With regards to changing her lights at home, I wouldn’t do too much too soon because once medicated her condition will change/improve and you may find you have gone to much unnecessary expense. If she’s always lived with fluorescents, her brain ‘underneath’ is used to them. Mine is. For the time being ensure it’s safe underfoot, mats that cannot slip etc and just try to ensure she is in consistently even light - an impossible ask in an ordinary home I know - been there - but as near as possible. She may find it impossible to see in low light or in the dark. Watch out with torches, spot lights etc. Blue lights can be a problem, think PC and phone screens. Those modern LEDs I cannot take.

Hard work but don’t worry, it won’t be ‘for ever’. It will gradually reduce. Good Luck. Helen

This is exactly something I was going to mention this mornign! This is really a big one for me. My husband goes through the house in the evening turning on lamps so when I get home from work, I have more “even” lighting. As Helen mentioned, LEDs (blue lights) are a big trigger for me and seem to be everywhere now days, I even have an LEDs on my vacuum, toaster, refrigerator, washing machine etc. I should own stock in black electrical tape for all I’ve used to cover those pesky LEDs.
I am so happy to hear you have Therspecs on order, they and Axon are the best I know of for this condition. One thing I would note also is that I used noise cancelling headphones as well as “musician earplugs” to help with the phonophobia. My specialist said to use both eye and ear protection VERY sparingly, once becoming medicated especially as the ears and eyes can become lazy which complicates recovery even further.

Yep. That was one of the very few pointers I ever got out of the VRT therapist. The ‘consistent light’ aspect.

Never heard that. Sunglasses used indoors or to excess result in eyes becoming dark adapted. They just crave less light and become more photophobic. Luckily I never had to resort to ear protection. However I went on using special glasses as long as necessary. I couldn’t stop until long after I started meds. Depends how symptomatic one is. And that varies day to day. Helen

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Thank you everyone for your insight and feedback. These will all be things I bring up to the neurotologist. Since this is a private consultation I want to maximize my time with her.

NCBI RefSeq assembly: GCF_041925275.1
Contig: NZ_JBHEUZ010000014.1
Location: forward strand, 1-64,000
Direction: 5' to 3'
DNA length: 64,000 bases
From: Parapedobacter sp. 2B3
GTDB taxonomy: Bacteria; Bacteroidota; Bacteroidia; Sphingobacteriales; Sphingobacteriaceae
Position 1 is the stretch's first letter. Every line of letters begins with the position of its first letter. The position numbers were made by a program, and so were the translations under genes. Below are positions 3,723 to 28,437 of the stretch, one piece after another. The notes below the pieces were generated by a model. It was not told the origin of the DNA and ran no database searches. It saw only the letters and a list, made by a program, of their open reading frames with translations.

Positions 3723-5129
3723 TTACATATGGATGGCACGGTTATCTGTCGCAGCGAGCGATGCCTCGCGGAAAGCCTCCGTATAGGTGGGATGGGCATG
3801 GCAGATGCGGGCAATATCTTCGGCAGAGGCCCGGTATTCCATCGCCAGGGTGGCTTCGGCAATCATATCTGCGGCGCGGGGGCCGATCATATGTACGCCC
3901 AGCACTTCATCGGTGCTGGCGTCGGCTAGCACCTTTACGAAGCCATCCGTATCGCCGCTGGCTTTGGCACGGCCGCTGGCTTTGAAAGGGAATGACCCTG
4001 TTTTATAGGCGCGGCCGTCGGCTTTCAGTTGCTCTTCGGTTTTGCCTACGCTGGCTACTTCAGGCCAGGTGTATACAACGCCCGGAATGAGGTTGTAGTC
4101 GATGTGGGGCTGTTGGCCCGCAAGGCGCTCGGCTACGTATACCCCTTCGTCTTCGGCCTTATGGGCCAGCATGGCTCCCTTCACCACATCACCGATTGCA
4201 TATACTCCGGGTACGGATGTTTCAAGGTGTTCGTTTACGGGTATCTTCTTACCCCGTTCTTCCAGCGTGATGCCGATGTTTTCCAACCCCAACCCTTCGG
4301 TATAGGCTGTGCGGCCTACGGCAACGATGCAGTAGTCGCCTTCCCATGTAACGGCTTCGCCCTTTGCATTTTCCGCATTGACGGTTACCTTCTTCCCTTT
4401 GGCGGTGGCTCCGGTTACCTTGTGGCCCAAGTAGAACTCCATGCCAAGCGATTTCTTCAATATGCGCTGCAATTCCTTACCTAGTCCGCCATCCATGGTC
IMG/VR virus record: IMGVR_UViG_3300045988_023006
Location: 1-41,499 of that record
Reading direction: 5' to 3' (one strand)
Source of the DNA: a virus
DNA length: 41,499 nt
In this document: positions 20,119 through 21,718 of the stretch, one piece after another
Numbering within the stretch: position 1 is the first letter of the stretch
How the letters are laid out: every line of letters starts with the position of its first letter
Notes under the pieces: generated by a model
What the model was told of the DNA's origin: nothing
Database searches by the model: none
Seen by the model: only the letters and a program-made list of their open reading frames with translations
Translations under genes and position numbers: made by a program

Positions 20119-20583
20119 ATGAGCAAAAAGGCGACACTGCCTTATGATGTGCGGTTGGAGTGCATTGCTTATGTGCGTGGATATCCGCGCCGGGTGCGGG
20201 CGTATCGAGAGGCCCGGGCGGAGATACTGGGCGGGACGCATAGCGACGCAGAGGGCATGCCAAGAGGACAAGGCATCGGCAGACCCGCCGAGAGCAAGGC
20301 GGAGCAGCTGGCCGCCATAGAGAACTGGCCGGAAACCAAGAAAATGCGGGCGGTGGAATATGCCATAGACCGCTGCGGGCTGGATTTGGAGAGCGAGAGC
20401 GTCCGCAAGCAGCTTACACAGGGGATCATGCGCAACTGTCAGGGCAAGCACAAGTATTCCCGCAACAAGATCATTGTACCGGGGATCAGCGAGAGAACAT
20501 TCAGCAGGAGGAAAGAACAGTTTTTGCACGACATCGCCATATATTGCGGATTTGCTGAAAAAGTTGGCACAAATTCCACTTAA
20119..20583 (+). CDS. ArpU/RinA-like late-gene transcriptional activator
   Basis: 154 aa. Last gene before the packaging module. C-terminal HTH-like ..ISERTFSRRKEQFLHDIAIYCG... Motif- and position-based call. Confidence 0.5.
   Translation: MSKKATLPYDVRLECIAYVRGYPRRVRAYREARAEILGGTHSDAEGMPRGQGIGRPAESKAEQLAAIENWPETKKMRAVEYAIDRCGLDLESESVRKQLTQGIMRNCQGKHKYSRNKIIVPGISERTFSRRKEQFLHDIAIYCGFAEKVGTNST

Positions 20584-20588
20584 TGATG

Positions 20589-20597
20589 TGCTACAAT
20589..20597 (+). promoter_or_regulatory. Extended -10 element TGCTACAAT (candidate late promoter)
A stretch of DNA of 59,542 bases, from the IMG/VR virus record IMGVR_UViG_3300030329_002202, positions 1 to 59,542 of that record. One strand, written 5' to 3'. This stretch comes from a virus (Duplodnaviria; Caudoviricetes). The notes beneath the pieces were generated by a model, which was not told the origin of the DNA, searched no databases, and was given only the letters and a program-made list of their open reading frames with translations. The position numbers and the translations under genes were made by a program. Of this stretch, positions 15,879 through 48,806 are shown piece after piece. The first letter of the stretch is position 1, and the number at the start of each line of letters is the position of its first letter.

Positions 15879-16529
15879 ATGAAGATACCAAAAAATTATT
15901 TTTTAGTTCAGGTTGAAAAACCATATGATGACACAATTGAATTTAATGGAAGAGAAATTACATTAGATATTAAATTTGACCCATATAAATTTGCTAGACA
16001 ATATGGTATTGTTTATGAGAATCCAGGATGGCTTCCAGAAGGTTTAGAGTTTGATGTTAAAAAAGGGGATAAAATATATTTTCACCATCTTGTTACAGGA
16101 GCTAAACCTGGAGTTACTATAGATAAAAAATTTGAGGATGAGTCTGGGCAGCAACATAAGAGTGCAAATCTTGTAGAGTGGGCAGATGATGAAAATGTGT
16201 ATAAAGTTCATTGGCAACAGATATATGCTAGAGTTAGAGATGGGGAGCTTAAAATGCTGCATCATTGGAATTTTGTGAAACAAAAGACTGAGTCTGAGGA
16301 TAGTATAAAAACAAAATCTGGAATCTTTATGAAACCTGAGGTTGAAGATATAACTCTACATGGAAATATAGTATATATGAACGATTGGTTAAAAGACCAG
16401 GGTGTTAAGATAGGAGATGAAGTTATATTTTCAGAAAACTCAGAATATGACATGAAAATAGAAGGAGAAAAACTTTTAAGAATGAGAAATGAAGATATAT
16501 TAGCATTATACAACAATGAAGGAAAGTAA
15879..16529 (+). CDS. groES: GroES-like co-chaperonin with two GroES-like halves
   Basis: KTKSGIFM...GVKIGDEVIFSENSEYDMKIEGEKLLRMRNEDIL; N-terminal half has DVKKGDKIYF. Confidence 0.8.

Gathering data/information is very time consuming, especially since I am not the symptomatic one and I don’t know all of the symptoms she suffers, except for the ones she can communicate with me. I’m trying to get a general understanding of everything and then as I gather more information on things that trigger/bother her I will likely end up doing more specific research. You guys gave me a great head start!

Some things in the works:

  1. ENT visit
  2. Neurotologist - i’m praying that she is good and has good insight
  3. Theraspec glasses coming tomorrow
  4. Low dose mag glycinate for now - holding off on other supplements for now until we see the specialist
  5. VRT appt at the end of the month scheduled

I’m trying to figure out her “triggers” - this is the hardest because I don’t usually suffer from migraines and it seems like everything can be a trigger. Somethings I think are triggers:

  1. light (?)
  2. crowd
  3. sound
  4. weather ???
  5. sleep ??? - she has hard time sleeping these days
  6. busy patterns ???

Thank you everyone for your insight and support. I pray and hope that she gets to a good stable point soon, it has been way too long!!!

Triggers are difficult because they are also cumulative. In more general terms you might find this helpful. Helen

https://www.thewaltoncentre.nhs.uk/uploadedfiles/leaflets/Migraine%20-%20A%20Comprehensive%20Guide.pdf